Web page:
The second example is from my interclub-practice. I wasted a big advantage in the middle-game but I continued to play for a win in the endgame which my opponent couldn't appreciate at all.

My opponent was convinced it was already several dozens of moves a dead-draw but my analysis show much was hidden under the surface.

It isn't seldom that only the analysis reveal the hidden possibilities. Recently I was very amused by analyzing the extraordinary bishop-endgame which could've appeared in my game against Christophe Gregoir (a fragment already popped up in the article password).

I am well aware about long analysis, wrong analysis but I challenge the reader to refute above analysis. In any case I admit never would I discover the lines without a strong computer. The one finding this at the board with a ticking clock, must be an absolute endgame-magician. The task appears to me completely impossible if you have to play solely on an increment of 30 seconds per move.

Now even in much simpler positions happen already serious blunders. In the chapter of bishops of the same colour in Dvoretsky's endgame manual there are some nice examples of tragic-comedies.

Both players were maybe confused by the famous endgame-composition of Heuacker in 1930.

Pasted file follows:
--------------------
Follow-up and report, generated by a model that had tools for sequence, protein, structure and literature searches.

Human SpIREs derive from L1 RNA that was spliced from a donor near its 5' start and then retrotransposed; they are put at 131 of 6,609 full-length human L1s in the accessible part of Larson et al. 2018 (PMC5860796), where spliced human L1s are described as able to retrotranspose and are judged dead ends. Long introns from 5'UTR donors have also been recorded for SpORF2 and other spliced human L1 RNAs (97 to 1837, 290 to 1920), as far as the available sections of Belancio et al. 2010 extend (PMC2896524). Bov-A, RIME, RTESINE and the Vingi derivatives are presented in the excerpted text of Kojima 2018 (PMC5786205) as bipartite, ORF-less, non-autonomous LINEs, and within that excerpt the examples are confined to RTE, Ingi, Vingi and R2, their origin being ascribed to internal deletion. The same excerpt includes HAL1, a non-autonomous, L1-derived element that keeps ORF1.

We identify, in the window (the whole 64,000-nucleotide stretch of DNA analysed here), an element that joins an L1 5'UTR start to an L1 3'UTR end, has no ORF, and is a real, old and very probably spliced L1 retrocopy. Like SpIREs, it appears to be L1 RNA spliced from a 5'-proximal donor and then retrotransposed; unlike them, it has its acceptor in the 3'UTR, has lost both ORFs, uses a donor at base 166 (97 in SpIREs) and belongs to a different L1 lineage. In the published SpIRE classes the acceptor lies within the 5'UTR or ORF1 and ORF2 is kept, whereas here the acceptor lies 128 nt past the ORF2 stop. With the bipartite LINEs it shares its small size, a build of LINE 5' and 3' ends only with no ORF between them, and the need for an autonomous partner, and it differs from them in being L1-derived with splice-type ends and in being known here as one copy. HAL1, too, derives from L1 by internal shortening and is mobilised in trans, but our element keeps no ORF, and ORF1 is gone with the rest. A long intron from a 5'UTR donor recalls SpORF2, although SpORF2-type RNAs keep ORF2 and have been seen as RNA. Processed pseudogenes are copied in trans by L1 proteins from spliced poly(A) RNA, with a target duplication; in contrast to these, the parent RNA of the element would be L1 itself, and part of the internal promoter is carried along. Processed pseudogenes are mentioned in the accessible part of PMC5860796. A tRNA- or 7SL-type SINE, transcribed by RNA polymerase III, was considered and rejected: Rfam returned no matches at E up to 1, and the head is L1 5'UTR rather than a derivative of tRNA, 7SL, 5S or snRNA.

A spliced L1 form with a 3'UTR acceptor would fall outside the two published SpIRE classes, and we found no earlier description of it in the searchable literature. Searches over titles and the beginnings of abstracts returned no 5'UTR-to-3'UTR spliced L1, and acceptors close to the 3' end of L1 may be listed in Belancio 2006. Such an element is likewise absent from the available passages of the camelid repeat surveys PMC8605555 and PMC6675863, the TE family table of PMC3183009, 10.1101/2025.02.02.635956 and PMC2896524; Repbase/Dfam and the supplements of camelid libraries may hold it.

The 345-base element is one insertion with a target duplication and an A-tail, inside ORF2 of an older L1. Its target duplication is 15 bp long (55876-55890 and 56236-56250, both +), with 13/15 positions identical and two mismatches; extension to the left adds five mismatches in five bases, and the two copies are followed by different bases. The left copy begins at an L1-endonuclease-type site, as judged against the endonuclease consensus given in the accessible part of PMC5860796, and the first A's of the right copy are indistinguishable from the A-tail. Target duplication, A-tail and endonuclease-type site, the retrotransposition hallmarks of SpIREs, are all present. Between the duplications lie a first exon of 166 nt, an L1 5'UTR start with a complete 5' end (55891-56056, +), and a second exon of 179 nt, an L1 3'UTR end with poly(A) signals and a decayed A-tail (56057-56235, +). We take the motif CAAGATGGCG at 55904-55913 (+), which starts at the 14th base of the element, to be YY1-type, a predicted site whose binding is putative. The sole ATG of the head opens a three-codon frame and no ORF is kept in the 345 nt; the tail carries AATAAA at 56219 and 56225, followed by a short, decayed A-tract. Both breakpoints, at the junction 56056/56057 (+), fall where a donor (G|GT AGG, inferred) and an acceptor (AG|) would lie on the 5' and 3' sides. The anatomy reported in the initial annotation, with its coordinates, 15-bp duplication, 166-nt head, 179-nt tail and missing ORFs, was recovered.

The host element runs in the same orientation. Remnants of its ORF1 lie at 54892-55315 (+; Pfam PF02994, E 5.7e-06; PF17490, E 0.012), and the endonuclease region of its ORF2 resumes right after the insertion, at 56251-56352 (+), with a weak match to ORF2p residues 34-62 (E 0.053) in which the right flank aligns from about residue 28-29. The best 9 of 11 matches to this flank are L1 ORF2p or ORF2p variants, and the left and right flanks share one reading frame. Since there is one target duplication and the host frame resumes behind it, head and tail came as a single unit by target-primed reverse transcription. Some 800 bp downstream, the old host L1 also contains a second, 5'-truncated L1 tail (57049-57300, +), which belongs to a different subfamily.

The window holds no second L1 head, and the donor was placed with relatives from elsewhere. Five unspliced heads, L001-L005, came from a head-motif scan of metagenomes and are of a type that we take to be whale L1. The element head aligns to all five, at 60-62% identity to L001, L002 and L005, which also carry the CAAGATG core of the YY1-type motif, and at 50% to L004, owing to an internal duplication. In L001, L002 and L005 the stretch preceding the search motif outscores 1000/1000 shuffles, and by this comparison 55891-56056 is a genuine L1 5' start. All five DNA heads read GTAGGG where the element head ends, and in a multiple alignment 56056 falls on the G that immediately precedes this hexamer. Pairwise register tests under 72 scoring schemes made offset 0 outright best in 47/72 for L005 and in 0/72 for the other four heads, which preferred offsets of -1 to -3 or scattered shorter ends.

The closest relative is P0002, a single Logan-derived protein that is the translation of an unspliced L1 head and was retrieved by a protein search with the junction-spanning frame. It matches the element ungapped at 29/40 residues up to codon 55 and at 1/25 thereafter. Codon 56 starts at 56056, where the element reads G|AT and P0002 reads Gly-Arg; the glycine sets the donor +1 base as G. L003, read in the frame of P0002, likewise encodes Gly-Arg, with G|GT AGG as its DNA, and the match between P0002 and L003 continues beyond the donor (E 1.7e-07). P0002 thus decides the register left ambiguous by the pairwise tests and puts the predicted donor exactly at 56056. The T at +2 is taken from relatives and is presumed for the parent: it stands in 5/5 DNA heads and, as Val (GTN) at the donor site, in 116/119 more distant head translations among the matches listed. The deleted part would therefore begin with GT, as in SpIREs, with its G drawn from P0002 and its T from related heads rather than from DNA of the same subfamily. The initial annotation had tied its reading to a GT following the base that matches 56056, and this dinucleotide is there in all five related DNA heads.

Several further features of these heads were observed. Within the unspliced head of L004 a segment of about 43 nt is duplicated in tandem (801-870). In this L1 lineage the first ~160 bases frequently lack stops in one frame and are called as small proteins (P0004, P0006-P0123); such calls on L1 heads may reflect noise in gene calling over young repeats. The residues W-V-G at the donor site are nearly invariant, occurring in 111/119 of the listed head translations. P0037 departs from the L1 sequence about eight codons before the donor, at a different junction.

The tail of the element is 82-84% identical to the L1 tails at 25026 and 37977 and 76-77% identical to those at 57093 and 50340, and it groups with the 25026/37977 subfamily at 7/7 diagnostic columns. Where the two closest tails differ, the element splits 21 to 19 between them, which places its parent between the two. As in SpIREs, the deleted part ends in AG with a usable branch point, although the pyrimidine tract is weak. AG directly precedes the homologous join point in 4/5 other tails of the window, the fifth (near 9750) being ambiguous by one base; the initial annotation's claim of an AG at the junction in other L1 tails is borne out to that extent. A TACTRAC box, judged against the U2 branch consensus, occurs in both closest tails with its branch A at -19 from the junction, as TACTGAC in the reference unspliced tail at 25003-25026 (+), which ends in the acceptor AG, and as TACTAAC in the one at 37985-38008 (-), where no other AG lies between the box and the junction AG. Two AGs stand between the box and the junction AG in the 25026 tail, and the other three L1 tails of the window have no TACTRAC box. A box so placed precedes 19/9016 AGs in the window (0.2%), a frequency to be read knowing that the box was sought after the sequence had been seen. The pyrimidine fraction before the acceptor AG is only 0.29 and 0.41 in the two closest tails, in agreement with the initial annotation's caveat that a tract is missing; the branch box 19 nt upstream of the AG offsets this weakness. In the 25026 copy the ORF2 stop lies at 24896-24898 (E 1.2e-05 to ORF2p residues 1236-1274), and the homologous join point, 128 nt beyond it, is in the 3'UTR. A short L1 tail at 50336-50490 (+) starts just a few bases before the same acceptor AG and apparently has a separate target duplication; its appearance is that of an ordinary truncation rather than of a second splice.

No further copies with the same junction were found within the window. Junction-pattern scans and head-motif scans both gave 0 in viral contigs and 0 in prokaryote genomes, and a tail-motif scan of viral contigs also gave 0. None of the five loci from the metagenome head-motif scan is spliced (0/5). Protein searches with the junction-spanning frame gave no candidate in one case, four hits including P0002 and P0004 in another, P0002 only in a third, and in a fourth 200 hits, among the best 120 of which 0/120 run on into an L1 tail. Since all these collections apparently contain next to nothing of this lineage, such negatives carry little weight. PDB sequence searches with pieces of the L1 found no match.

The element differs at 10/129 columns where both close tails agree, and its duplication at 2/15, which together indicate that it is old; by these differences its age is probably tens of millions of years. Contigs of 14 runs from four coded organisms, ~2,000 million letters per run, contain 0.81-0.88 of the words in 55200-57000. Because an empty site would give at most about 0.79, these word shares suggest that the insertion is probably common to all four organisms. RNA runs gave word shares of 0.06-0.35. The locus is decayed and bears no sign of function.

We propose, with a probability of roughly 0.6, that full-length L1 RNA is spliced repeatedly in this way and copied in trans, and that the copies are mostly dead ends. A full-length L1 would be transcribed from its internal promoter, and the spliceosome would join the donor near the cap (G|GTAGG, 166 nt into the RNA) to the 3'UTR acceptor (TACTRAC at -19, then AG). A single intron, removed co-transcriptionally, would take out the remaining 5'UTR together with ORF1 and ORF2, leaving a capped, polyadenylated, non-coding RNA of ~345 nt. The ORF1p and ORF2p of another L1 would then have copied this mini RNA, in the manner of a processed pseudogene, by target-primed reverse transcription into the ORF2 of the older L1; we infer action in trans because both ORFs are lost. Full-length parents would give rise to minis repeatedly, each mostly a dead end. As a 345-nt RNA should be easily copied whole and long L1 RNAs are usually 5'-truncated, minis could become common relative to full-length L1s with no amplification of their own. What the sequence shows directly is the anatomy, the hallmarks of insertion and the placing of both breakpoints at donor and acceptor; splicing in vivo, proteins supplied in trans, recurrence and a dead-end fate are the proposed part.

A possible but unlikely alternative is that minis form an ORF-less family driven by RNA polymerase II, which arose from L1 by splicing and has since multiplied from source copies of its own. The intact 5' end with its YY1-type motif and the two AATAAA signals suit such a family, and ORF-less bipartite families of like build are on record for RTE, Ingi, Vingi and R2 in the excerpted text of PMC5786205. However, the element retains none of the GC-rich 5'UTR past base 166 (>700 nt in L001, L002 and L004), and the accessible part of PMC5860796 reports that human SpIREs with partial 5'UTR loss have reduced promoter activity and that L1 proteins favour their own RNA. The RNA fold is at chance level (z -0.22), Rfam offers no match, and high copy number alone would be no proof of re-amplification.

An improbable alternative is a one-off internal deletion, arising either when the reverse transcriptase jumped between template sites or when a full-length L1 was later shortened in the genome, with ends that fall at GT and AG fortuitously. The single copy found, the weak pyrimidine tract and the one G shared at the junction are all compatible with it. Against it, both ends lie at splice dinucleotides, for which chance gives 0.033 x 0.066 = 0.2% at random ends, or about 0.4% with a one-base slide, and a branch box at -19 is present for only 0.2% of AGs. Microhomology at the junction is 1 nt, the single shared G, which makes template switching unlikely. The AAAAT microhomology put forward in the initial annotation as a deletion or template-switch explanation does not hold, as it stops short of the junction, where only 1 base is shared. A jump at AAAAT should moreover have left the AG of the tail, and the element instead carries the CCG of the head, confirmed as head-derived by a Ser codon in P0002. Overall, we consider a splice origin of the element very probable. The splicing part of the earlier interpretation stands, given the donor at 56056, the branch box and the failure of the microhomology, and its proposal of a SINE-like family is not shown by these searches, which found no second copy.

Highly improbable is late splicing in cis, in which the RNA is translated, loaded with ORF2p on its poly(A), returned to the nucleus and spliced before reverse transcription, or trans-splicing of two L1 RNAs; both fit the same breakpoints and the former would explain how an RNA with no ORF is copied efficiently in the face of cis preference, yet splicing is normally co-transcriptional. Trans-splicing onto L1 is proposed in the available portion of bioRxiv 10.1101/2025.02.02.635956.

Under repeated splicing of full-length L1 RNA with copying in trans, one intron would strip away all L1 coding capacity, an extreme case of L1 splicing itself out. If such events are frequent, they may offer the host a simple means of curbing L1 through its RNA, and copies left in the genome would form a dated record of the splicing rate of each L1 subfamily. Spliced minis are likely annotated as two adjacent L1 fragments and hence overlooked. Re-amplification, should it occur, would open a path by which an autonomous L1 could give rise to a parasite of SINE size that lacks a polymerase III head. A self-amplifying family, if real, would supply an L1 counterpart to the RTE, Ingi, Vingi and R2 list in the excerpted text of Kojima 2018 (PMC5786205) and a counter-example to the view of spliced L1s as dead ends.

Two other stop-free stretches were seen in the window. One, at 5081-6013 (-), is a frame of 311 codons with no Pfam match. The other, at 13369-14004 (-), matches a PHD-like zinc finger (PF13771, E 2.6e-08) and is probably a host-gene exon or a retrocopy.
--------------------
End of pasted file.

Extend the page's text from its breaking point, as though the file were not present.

Each of above examples are unique so I admit very little or nothing of the analysis will be reusable in the future. Regarding reusable knowledge I also want again to criticize Chessbase. Chessbase regularly badly informs their readers (as mentioned before in my article desinformation by chessbase). In the advertisement for the endgame turbo is stated that this new product is a necessity to train. Nonsense of course as not only the diversity in the endgame-positions is too large but also in many solutions there is no logic to detect. Above there is also the price of the product. There are free alternatives: Knowledge4IT or Finalgen. The last one can handle even more than the 6 pieces of the endgame turbo. Besides why would you spend 60 euro for tablebases till maximally 6 pieces while there exists a rather cheap alternative for tablebases till maximally 7 pieces on chessok.

If you want to become a better player then you better buy a good book of endgames instead of analyzing unique endgames or buying tablebases. However today becoming a stronger player is no priority for me. On the other hand enjoying a rich endgame by spending time at researching small details is something which I don't want to miss.